CWWeekly presents this biweekly feature as a spotlight on issues that executives in clinical research face. This week, writer Suz Redfearn spoke with Greg Ambra, vice president of clinical operations at DZS Clinical Services.
Q: How could the 21st Century Cures Act—signed into law in December authorizing $6.3 billion in funding—impact small to mid-size CROs, small to mid-size biotech, pharma and companies?
A: There are many exciting items in the Cures Act that will impact what we see in the small CRO and the small biopharma space. The act includes incentives to develop additional tools in the drug development process, including encouraging surrogate biomarkers. Additionally, the act will promote and create efficiencies in the process, particularly in trial design aspects—specifically adaptive design. Many small CROs have developed specialized services in this area, which will allow them to compete with some of the mid-size and large CROs better.
Any advantage that allows a company to develop strong evidence and make an informed decision sooner will be an advantage. Companies realize that if you can make your go/no-go decision sooner, that will reduce costs, potentially get your product to market quicker or move on to more promising alternatives.
Q: How might the act affect mergers and acquisitions (M&A) activity in the industry?
A: In my opinion, the act is very encouraging for small organizations as it will accelerate M&A activity in the field. M&A activity was already expected to be high this year as many drugs come off patent, causing larger companies to begin looking for new products for their pipeline. Combine that with some of the aspects of the Cures Act that will smooth the development pathway and I think it will accelerate activity on the CRO and services side as well.
Small to mid-sized pharma companies will be looking at small to mid-sized CROs to partner with. I believe that will drive larger companies to come looking for smaller companies to work with in some specialty areas. We’ve seen a lot of M&A in companies that do adaptive design in oncology. That could easily start to push into other therapeutic areas.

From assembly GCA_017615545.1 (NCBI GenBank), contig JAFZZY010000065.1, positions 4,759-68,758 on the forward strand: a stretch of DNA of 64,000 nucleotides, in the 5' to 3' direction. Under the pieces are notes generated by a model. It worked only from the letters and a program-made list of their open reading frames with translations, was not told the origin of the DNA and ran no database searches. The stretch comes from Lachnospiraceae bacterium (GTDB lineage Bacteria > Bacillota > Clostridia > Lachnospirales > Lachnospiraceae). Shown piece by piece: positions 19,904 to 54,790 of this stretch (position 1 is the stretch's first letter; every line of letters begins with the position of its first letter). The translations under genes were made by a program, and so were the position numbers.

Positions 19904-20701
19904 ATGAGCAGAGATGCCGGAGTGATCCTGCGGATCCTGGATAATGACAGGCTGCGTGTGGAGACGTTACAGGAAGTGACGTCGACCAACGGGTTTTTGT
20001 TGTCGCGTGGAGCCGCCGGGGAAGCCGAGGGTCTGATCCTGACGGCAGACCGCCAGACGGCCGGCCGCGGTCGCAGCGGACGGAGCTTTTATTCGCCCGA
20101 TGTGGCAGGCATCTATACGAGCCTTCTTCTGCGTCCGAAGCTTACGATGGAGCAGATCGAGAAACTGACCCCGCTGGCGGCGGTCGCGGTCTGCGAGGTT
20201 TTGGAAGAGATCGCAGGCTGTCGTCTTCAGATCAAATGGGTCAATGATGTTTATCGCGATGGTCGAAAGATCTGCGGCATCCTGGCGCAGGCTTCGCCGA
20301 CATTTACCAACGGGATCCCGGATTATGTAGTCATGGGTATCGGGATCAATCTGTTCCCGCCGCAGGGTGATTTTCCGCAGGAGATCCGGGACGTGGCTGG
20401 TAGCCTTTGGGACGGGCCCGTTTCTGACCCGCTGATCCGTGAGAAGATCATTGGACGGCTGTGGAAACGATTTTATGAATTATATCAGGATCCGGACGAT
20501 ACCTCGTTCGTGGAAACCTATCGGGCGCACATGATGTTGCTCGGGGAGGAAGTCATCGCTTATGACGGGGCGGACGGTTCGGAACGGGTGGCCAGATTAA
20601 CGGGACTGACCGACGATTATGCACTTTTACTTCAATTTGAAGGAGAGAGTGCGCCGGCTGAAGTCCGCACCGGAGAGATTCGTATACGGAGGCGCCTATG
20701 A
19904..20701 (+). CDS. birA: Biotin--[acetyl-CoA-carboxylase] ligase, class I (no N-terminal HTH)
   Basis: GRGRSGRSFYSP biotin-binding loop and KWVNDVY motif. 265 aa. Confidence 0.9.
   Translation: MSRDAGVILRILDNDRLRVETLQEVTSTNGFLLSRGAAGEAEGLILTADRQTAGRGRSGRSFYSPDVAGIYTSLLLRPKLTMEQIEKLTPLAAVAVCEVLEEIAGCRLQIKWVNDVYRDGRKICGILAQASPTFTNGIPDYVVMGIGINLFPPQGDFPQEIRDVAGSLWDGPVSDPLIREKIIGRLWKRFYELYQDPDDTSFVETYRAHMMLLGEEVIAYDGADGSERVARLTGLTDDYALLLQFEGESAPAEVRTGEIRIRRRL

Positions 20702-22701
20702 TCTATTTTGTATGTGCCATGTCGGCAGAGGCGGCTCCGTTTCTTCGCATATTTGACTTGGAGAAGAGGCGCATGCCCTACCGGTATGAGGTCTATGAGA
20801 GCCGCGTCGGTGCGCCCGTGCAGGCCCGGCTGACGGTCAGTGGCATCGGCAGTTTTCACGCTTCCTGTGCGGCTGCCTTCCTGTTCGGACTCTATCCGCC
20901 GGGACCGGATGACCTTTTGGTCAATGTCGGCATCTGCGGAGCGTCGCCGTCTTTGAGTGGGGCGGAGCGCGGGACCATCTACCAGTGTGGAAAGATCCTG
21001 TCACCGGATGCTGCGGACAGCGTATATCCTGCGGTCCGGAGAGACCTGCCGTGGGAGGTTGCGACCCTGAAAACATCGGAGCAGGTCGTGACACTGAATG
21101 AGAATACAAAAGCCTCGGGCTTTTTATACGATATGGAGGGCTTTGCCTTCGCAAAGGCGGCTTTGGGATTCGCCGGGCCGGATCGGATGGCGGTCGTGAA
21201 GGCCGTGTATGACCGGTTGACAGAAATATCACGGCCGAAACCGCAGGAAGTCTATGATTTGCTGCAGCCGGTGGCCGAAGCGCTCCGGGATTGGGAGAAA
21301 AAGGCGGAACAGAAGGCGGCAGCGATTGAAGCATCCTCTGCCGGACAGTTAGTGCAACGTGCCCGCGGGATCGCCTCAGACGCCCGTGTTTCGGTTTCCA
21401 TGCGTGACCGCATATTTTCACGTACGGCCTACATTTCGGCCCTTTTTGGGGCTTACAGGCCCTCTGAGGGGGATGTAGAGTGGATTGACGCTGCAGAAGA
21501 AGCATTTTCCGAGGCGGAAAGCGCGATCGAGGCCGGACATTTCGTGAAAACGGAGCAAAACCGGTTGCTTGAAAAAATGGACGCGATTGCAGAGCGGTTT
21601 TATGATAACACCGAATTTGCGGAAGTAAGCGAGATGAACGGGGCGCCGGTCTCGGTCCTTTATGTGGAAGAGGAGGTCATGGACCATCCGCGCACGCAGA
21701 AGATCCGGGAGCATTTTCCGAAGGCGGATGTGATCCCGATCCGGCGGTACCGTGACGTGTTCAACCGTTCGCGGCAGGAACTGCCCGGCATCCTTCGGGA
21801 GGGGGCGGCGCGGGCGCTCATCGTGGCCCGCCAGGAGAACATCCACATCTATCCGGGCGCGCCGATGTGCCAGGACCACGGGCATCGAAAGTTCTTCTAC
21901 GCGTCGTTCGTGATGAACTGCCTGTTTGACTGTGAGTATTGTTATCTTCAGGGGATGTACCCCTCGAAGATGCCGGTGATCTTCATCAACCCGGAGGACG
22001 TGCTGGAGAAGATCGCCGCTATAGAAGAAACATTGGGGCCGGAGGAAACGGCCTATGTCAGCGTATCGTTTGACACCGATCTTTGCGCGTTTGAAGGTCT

Q: What problems does the drug development industry still face when it comes to electronic data?
A: The excitement about electronic data capture (EDC) is there, but at the same time, adoption has plateaued at 65 to 75%. I don’t see it pushing into 80 to 90% soon. Why has it plateaued? That’s the big question, along with: How do we improve that? It’s tough. One reason might be that the space is still very fractured despite the big companies dominating EDC market share—Medidata, Oracle, etc. However, there continues to be an ongoing trend of digitizing other processes, including trial master file activities, eConsent and site start-up activities.
The fact that there are so many choices of products out there confuses companies and overwhelms them, so they choose to rely on a more conservative, manual approach. Now, we are seeing second generation systems where multiple functions are being designed on the same platform. I feel this unified approach with expansion capabilities could stimulate the next wave of increased adoption. But that’s not common yet. Right now, you see companies extracting data from multiple systems and then manually combining them. As integration and unification between systems becomes more standard and more visible to companies, I think adoption will increase. It’s on its way, but we are not there yet.
This article was reprinted from Volume 21, Issue 25, of CWWeekly, a leading clinical research industry newsletter providing expanded analysis on breaking news, study leads, trial results and more. Subscribe »